The work blossomed, and I eventually proposed the creation of a program at our hospital called B-CORE: the Brigham Comprehensive Opioid Response and Education Program. The goal of the program is to be a responsible steward of opioids by: 1) treating acute pain first with non-opioids and then using only the smallest strength and course needed to ensure adequate pain management when opioids are used, 2) ensuring safe practices for patients on chronic opioid therapy, such as ensuring medication agreements are on file, that toxicology screening is done to ensure compliance and detect abuse of other drugs, and safely and slowly tapering down opioids when indicated, and 3) offering state-of-the-art, on-demand treatment for patients with opioid use disorder.

Understanding the patient

Ms. Moss’ story resonates with me because of a very recent experience, which happened just a few weeks ago. We are doing some work on our house, and I was far too aggressive with lifting heavy boxes. I felt a pull in my back, but kept going. Before I knew it, I could barely move from the excruciating pain I felt – a sharp knife piercing my spine every time I moved. I’ve never experienced pain of that intensity before. I checked in the ED (remarkably for the first time in my life) and had an MRI which showed what I suspected: two large herniated discs, one at L4-L5 and one at L5-S1.

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I had an injection of Toradol (a strong, non-opioid anti-inflammatory), a patch with lidocaine to put on my low back, and the maximum allowable dose of acetaminophen (Tylenol). None of it helped. My colleague who cared for me was great – he was hesitant to write the hospital’s “opioid czar” an opioid prescription, but offered. I refused.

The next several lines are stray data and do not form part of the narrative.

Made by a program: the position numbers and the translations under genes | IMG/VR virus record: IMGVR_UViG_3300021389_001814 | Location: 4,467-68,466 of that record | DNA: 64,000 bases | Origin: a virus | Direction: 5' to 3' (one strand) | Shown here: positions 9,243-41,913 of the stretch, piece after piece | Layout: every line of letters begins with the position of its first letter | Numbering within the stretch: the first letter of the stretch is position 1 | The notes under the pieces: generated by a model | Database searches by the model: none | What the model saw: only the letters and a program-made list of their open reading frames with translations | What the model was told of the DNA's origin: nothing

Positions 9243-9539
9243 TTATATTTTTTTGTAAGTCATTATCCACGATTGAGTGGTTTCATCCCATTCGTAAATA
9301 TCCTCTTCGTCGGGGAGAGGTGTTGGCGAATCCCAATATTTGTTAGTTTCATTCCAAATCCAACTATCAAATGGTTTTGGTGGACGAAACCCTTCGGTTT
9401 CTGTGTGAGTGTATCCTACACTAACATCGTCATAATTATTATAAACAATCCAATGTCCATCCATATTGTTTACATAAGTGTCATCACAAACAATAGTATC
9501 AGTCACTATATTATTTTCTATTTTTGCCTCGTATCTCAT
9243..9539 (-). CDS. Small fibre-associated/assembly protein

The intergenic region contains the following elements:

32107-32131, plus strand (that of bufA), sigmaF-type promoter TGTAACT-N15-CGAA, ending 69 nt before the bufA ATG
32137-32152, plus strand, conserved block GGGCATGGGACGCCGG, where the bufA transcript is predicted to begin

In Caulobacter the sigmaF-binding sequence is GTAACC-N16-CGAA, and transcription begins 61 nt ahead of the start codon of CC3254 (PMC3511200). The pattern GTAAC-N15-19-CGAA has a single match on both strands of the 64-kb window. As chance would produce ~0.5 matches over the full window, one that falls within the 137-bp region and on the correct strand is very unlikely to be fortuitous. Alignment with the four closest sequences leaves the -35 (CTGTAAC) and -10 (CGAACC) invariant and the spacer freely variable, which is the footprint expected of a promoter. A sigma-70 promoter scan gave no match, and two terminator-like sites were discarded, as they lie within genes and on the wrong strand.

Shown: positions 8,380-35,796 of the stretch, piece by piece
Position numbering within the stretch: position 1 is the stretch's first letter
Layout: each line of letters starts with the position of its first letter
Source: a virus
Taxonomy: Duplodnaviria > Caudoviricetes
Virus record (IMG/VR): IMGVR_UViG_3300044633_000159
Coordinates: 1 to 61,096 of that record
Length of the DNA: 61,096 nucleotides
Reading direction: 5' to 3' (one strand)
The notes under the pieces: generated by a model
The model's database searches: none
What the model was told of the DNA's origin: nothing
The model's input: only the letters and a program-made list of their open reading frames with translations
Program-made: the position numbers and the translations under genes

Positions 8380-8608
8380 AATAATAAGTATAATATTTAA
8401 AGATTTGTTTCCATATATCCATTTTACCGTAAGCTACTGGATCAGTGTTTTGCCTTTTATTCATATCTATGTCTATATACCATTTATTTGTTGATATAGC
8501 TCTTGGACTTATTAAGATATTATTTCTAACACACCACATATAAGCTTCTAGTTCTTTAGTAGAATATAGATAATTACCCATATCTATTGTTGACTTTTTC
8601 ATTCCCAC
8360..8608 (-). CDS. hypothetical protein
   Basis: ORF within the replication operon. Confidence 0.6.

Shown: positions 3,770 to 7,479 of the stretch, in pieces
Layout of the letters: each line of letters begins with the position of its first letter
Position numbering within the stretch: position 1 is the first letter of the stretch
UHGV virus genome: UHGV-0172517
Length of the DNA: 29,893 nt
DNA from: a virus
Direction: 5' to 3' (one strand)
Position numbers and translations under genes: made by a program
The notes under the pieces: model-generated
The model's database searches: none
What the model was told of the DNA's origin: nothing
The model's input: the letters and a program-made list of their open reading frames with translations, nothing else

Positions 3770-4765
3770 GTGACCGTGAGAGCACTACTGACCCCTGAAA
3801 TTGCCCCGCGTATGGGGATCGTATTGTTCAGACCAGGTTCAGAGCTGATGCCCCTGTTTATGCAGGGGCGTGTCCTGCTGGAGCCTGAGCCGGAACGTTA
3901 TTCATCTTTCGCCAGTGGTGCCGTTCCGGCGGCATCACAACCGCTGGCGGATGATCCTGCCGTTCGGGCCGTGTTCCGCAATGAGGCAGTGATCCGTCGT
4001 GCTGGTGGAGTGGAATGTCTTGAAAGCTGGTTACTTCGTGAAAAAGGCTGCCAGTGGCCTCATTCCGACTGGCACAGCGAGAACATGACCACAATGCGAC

I tried ibuprofen and acetaminophen around the clock but it just wasn’t working. I went back to the ED the next day and, in desperation, asked another colleague for a small prescription of oxycodone – the medicine in Percocet and Oxycontin. I felt embarrassed for even asking, but was at my wit’s end. The pain was just too much. Every step was a challenge. To my surprise, my colleague declined and advised: “Stick it out. Just give it a little more time. It will get better.” I continued the over-the-counter medications around the clock. Sure enough, the next day I started to feel a little better. It took 2 weeks before I could walk without pain but it did improve – and I wasn’t exposed to the risks of long-term opioid use because I never started on them in the first place.

Educating in the emergency room

Training physicians how to do this is key. Some degree of pain is normal. It’s our body telling us that something is wrong, and is part of the human experience. Plus, lots of research shows that, for acute pain, the non-opioids work just as well as the opioids (if not better) so why use them in the first place? We now know that it is best to keep opioid naïve patients opioid naïve. To be clear, I’m not advocating for undertreating pain or cutting off patients with chronic pain who rely on opioids to function, but we must use these medicines with the utmost care and minimize their use whenever possible.

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We now know that it is best to keep opioid naïve patients opioid naïve. To be clear, I’m not advocating for undertreating pain or cutting off patients with chronic pain who rely on opioids to function, but we must use these medicines with the utmost care and minimize their use whenever possible.

One more point: Ms. Moss was able to conquer her addiction without the help of medications, but many people are not able to. In those cases, adding a medication for addiction treatment, like buprenorphine (Suboxone) or methadone, can literally be a life-saver. I have witnessed so many cases of patients who were able to get their lives back together, and be productive and happy, with the assistance of buprenorphine. The data is there to support it, too. Training and use needs to be more wide-spread and insurers need to reimburse for this treatment.

With all of these tools: prescription drug monitoring program, hospital initiatives to help guide safe treatment of pain, increased availability of treatments for addiction, the patients I see with opioid use disorder are no longer a burden because I finally have hope and options for them – a feeling which is immensely satisfying. Like Ms. Moss, everyone deserves a chance to be the person they want to be, and we clinicians are striving to better care for our patients with addiction.